Joan’s cape, flag, medal and prayer card are also available. She also has a cloth body and moveable vinyl head and limbs.
Parts of Joan’s story appear on the Dolls From Heaven blog. So do parts of Saint Therese’s. We study the saints to learn how and become inspired to live better lives. What a fantastic tool to help not only our children but ourselves, to become stronger and more faithful Catholics.
Dolls From Heaven is a Catholic mom and pop business. Although most of the doll itself is outsourced, some of the product is manufactured by the Kiczek family, themselves. They are avid participants in the pro-life movement and practicing Catholics. You can read more about them and what inspired them to create Dolls From Heaven on their website.
Dolls From Heaven are special gifts. With Christmas coming up, now is the ideal time to order yours. Don’t forget Baptisms, First Communions, Confirmations, and Birthdays.
We normally reside at about 7500 feet, but even then, at above 10000 feet I notice the effects of the altitude. Cumbres Pass is over 10,000 feet in elevation. When we went on our hike, I noted several symptoms of altitude sickness in myself and immediately took steps to prevent it.
Drink lots of water
As we started out on our hike, I felt a dull headache. Dehydration happens fast at this elevation. I was not even thirsty, but with a simple pinch test (pinch the skin on the back of your hand. If it doesn’t immediately return to normal, you’re getting dehydrated.) I could tell I was definitely needing water.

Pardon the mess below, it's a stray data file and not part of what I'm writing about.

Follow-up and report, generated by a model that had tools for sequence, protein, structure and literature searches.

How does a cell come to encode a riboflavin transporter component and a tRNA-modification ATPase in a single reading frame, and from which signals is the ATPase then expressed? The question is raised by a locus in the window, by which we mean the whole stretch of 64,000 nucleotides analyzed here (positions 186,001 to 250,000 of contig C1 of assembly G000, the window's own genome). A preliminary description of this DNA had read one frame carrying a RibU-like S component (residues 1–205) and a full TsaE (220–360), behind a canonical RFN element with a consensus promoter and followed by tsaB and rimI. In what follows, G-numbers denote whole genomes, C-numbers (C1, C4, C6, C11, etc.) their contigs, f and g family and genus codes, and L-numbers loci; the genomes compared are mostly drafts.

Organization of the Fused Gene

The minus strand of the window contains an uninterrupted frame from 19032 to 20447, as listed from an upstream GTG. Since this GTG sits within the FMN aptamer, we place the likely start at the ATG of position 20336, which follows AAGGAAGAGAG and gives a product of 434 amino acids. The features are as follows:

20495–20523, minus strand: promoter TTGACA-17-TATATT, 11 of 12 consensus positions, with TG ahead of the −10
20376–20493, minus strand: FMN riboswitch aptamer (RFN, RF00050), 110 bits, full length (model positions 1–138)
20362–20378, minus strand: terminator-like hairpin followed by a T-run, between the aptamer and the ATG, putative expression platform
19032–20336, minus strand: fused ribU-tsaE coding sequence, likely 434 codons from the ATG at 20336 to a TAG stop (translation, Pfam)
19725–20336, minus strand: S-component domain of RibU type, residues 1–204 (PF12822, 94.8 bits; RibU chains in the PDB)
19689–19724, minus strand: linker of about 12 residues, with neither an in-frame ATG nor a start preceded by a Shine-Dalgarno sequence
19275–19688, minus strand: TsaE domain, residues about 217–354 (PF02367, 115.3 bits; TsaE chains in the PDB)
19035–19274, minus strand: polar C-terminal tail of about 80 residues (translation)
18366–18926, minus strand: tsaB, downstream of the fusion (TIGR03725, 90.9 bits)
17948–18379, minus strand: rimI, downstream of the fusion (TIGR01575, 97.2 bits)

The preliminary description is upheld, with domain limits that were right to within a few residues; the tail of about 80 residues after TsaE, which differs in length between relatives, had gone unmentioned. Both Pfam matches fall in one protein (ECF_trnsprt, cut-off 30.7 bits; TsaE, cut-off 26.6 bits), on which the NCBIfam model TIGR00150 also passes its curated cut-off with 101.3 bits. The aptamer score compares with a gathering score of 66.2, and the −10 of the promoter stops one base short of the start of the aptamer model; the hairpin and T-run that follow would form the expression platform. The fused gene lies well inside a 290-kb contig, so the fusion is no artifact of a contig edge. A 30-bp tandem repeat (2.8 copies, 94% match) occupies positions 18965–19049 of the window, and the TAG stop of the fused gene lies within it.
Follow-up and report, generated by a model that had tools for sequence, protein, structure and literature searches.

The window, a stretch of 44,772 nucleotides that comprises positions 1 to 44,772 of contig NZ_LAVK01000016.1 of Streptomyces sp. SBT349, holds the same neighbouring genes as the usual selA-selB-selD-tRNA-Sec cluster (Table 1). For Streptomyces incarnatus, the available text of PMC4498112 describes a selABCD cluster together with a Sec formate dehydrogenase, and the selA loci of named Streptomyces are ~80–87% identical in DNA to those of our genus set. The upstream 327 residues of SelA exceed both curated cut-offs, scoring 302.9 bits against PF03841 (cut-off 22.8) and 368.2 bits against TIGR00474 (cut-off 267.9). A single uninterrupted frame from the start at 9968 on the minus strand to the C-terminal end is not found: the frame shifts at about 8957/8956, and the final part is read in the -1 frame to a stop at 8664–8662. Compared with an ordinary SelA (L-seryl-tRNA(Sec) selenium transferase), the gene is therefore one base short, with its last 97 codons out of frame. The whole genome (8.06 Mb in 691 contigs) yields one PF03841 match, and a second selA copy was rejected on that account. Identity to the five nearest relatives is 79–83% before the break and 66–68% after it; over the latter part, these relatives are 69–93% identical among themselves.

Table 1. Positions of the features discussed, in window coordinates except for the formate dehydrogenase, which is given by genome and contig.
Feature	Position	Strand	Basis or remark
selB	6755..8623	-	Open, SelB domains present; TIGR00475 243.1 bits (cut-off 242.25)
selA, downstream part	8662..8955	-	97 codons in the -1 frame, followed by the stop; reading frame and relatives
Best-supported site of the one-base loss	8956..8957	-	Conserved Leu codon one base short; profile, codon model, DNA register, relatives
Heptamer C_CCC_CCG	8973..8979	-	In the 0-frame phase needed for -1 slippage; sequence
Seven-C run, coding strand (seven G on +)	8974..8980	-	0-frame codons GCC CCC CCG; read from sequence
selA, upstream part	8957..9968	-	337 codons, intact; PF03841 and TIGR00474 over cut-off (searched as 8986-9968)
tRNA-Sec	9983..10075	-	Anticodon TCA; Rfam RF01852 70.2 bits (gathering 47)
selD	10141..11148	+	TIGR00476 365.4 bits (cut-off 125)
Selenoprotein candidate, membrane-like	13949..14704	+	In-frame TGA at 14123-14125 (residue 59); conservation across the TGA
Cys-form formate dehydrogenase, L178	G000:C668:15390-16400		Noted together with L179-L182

Consume extra protien
I also indulged in the salty snacks and made sure I consumed some extra protein. Thus, I did not suffer any nausea or other symptoms of altitude sickness, as I did the last time we made a jaunt to the high country, in Leadville, CO.
One of the reasons for altitude sickness is the lower levels of oxygen present in the air at high elevations. Slow down and breathe deeply to help your body adjust.
Take a nap
While the guys were fishing, I drowsed in the sun, enjoying its warmth after too many months of winter.
Most people will adjust to a higher altitude within 2-3 days. When we went to Leadville, I didn’t realize I was suffering from altitude sickness until it was well underway. My headache persisted through the weekend, and nausea made me lose my appetite.
Move to a lower altitude
If all else fails, head back down to lower ground. As soon as we were back to the car and driving down the hill from Leadville, My headache began to subside. Once we got home, it was gone.